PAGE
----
How to attract world stars of programming into your project or an interesting feature of GitHub

Relatively recently, I had to use the Git system a bit more complicated than the banal click in the Android Studio button on the commit button. Today, by my own indiscretion, I found an interesting feature of the Git GUI: if you enter the e-mail of any GitHub user in the client’s settings, but when you push (commit) the commit (commit), enter your data, then looking at the site in the commit section you can see something strange. The commit will not be executed on behalf of you, but on behalf of the person who is entered in the Git GUI settings. This will be more clearly seen in the attached video with step-by-step actions:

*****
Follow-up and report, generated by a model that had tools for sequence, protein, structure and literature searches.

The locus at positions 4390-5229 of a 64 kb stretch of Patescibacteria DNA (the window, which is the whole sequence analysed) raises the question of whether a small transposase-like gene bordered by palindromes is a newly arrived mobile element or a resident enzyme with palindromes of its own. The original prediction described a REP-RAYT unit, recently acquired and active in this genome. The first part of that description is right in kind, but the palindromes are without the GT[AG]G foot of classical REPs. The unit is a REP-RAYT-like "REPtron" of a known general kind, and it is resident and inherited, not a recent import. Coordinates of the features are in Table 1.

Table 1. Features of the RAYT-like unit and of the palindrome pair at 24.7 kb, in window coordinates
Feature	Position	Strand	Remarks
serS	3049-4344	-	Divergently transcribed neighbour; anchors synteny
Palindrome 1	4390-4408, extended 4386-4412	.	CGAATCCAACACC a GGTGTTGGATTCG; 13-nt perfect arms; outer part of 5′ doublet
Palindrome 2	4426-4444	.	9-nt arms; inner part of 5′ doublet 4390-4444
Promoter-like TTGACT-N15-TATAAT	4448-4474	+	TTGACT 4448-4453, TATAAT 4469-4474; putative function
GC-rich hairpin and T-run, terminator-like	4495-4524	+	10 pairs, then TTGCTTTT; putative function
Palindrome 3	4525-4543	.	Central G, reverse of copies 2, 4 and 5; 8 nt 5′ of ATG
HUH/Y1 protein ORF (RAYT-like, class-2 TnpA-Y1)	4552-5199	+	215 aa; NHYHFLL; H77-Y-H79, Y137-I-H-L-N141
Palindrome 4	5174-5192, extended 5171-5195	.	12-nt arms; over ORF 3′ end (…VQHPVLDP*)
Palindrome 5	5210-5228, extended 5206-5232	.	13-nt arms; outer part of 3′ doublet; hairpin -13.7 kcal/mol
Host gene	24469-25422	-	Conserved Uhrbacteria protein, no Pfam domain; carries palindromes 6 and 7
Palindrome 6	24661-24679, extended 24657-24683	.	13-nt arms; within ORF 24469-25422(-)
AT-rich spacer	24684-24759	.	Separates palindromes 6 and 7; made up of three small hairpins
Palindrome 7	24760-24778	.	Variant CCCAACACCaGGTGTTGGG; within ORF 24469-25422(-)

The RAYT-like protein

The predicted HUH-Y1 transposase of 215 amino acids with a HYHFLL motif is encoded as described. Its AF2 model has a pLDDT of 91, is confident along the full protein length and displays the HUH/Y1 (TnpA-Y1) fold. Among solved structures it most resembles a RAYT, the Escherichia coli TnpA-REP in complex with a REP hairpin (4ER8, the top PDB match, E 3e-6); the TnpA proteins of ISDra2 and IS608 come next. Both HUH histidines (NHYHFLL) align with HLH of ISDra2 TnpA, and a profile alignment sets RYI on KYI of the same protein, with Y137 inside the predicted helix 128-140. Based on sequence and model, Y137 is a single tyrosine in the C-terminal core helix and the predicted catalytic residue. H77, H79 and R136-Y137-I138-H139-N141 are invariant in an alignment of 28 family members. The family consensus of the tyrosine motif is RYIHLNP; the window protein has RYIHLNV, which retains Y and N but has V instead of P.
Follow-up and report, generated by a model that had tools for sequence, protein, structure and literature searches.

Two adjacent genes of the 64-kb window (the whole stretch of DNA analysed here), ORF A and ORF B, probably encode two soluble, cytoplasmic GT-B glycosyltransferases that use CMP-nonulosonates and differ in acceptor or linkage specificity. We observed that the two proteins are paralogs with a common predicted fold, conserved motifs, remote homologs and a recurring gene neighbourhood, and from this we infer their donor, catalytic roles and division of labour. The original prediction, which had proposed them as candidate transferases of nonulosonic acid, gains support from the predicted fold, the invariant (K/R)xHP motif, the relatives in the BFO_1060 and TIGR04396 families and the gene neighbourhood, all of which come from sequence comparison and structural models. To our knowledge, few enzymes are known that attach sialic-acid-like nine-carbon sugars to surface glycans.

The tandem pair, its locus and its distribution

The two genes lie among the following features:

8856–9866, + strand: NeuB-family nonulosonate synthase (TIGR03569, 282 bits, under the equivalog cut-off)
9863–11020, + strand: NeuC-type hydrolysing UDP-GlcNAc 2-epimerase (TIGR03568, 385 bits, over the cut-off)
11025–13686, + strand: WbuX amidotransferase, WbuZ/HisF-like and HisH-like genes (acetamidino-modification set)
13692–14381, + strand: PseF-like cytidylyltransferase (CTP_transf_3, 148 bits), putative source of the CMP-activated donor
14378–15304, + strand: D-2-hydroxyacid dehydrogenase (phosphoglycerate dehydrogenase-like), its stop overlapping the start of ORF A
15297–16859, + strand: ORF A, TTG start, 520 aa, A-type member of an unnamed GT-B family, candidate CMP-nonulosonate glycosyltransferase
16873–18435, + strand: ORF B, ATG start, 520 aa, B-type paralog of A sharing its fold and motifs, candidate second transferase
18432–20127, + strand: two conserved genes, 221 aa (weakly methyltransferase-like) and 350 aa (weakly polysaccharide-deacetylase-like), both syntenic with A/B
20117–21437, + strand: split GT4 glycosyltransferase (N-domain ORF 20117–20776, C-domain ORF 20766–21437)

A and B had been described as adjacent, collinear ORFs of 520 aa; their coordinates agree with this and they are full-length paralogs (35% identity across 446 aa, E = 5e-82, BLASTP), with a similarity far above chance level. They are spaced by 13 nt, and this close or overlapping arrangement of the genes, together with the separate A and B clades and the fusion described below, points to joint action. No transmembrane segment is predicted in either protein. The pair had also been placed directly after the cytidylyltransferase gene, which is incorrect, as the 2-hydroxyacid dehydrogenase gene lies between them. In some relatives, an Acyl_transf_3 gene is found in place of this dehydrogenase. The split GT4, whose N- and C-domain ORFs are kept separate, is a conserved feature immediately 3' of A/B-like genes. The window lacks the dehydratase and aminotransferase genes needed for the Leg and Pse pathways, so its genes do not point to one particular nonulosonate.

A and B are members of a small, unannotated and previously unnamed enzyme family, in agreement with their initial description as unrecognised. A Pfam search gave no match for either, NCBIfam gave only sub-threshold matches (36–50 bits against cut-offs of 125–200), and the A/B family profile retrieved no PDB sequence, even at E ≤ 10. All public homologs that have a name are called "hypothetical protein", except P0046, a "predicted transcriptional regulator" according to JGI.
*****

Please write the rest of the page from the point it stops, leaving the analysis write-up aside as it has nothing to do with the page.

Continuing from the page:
Without hesitation, I decided to turn to a more experienced colleague for clarification. After ten minutes of samples with brute force e-mail, a joint decision was made to write to those. support, but the answer from GitHub surprised no less:


Because git is a distributed version controls system GitHub must use the commit email address to assign attribution. When you push a repository to it may contains one or more commits, some of which you may not have authored. For example, imagine a scenario where you collaborated with a number of people on a git repository before you made your first push of that repo to This push would contain a number of commits from several authors. It would be incorrect to assign all of the commits to the person doing the push, so we use the commit log email addresses to assign attribution on Each subsequent push to GitHub uses this same logic to assign attribution of commit authors.


It turns out that GitHub does not consider it a bug that virtually anyone can make commits on behalf of another developer. Well, now the best programmers in the world will help me fix bugs.

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